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If you have just been diagnosed with ulcerative colitis you will probably have lots of questions and may feel a bit scared or confused.
This article aims to answer many of the questions you will have if you are newly diagnosed with ulcerative colitis and provide you with links to more articles where you can read in depth about the different subjects covered.
Ulcerative colitis, or UC as it is commonly known, is a chronic, lifelong condition which is part of a group of conditions known as inflammatory bowel disease (IBD). It causes inflammation in all or part of the large intestine (colon, rectum and anus). Small ulcers can develop on the lining of the large intestine which produce pus, mucous and blood.
Colitis means colon (col) inflammation (itis) - hence the term colitis.
Ulcerative colitis is thought to be an immune-mediated disease (where your immune system attacks a part of your body). The other main form of IBD is Crohn's disease.
The symptoms it can cause are varied, but some of the most common include:
Most people when they have just been diagnosed with ulcerative colitis are already experiencing symptoms of diarrhoea.
Now that you have been diagnosed your doctors will work with you to get your ulcerative colitis under control so that you have no symptoms and you have a better quality of life. This is known as remission.
With ulcerative colitis you can expect to have times of remission and times of flare (when your symptoms return). We don’t fully know what causes people to have flare ups of their ulcerative colitis. There are patients who report they are more likely to flare when they are stressed or unwell, however others say that they don’t seem to have a pattern.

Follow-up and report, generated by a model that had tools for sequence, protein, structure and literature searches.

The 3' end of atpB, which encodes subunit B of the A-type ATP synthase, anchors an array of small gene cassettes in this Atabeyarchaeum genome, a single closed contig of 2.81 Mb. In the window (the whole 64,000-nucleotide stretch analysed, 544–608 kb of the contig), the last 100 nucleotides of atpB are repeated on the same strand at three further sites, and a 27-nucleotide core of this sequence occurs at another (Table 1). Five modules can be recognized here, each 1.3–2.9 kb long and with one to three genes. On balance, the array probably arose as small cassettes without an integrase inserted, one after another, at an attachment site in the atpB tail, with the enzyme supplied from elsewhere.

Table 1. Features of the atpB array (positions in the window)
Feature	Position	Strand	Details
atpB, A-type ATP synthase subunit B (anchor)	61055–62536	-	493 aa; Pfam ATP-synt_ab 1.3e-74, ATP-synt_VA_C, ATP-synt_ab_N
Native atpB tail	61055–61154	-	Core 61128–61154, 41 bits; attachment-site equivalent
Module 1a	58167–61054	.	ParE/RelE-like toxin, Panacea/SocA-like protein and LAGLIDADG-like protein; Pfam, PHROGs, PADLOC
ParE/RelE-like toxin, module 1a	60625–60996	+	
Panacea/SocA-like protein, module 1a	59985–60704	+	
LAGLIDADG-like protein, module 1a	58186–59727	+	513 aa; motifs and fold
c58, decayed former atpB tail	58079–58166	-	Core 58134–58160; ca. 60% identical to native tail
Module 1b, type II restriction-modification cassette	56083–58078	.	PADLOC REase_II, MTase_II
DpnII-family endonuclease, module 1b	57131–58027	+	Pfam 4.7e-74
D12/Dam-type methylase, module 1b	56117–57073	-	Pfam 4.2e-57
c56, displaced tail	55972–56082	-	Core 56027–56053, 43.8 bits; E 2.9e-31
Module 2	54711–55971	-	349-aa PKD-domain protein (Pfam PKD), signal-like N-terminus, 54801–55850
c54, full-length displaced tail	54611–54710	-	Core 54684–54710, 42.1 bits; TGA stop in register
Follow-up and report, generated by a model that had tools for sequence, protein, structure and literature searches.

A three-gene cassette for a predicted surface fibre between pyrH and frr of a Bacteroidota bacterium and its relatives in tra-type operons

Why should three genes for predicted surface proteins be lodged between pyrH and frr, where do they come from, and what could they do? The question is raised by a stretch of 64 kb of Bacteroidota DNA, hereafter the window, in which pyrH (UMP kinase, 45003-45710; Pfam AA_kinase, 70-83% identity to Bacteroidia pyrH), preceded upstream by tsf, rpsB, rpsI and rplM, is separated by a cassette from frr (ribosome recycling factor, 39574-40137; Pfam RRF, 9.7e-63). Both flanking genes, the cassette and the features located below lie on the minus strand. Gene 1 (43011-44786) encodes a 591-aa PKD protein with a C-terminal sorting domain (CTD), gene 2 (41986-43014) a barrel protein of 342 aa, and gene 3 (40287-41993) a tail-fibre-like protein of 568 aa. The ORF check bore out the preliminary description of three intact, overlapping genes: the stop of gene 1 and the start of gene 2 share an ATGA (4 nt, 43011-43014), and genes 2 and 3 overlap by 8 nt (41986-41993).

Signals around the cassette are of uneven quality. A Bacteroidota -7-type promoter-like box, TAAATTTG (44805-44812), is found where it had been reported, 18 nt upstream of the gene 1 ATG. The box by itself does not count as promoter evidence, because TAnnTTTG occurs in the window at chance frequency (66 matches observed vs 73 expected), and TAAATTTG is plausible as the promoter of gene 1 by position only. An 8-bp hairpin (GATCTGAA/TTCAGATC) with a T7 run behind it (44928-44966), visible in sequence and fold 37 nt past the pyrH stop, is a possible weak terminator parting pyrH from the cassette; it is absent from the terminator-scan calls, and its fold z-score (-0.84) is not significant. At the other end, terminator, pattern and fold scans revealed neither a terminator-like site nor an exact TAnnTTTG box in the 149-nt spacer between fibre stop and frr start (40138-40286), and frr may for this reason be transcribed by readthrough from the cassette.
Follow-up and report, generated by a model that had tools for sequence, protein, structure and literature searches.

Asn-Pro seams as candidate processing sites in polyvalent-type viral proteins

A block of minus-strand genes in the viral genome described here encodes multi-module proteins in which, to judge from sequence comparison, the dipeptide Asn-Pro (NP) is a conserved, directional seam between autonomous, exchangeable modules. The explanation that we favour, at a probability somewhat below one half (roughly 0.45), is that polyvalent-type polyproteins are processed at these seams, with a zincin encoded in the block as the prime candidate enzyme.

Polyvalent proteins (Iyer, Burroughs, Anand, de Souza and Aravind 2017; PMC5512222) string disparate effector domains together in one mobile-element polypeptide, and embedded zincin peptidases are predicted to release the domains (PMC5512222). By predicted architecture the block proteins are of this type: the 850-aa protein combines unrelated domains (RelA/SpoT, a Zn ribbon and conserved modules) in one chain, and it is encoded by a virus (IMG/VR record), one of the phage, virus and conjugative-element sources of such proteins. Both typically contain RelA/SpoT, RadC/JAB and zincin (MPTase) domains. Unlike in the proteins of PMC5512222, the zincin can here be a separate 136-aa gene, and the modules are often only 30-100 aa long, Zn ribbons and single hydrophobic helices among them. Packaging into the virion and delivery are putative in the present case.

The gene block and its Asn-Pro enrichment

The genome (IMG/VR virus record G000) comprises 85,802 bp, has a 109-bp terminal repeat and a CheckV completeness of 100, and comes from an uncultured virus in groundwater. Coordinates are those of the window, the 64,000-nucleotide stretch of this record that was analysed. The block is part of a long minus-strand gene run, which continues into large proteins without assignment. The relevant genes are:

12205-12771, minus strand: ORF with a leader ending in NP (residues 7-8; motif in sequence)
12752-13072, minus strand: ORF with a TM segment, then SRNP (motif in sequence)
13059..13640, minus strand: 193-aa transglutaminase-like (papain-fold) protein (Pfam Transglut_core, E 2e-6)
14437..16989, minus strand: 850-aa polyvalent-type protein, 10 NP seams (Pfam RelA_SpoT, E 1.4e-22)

The treatment you are given will aim to get you into remission and get rid of the inflammation in your large intestine, but it can take time for this to happen. You may find that you need to try a few different medications before you find one that works for you.
During an ulcerative colitis flare you may find it difficult to do day-to-day activities such as work, school or that it may interfere with your relationships. If this is happening on a regular basis, or it is seriously affecting your ability to live your life, then you should speak to your doctor about whether there is another treatment which may work for you or what support is available to you. They may also be able refer you for extra support from psychologists and dieticians.
Right now you may find it difficult to imagine having a normal life again, but it’s important to remember that there are many people with ulcerative colitis who are living their lives - getting married, having children, pursuing education and careers. Talking to people such as your doctor, friends or family about your concerns and fears may help you to accept and understand how you are feeling.
There is no cure for ulcerative colitis and it is something you will have for the rest of your life, so the aim of treatment is to get your symptoms under control and into remission.
All ulcerative colitis patients are different and a treatment that works for one may not work for another, therefore you may need to go through a period of ‘trial and error’ to find a medication that works for you. If the first treatment you try doesn’t work for you then you may feel frustrated and disheartened and that's understandable. There are now many different medication options available and more being licensed for ulcerative colitis all the time so there are now more options available to you than ever.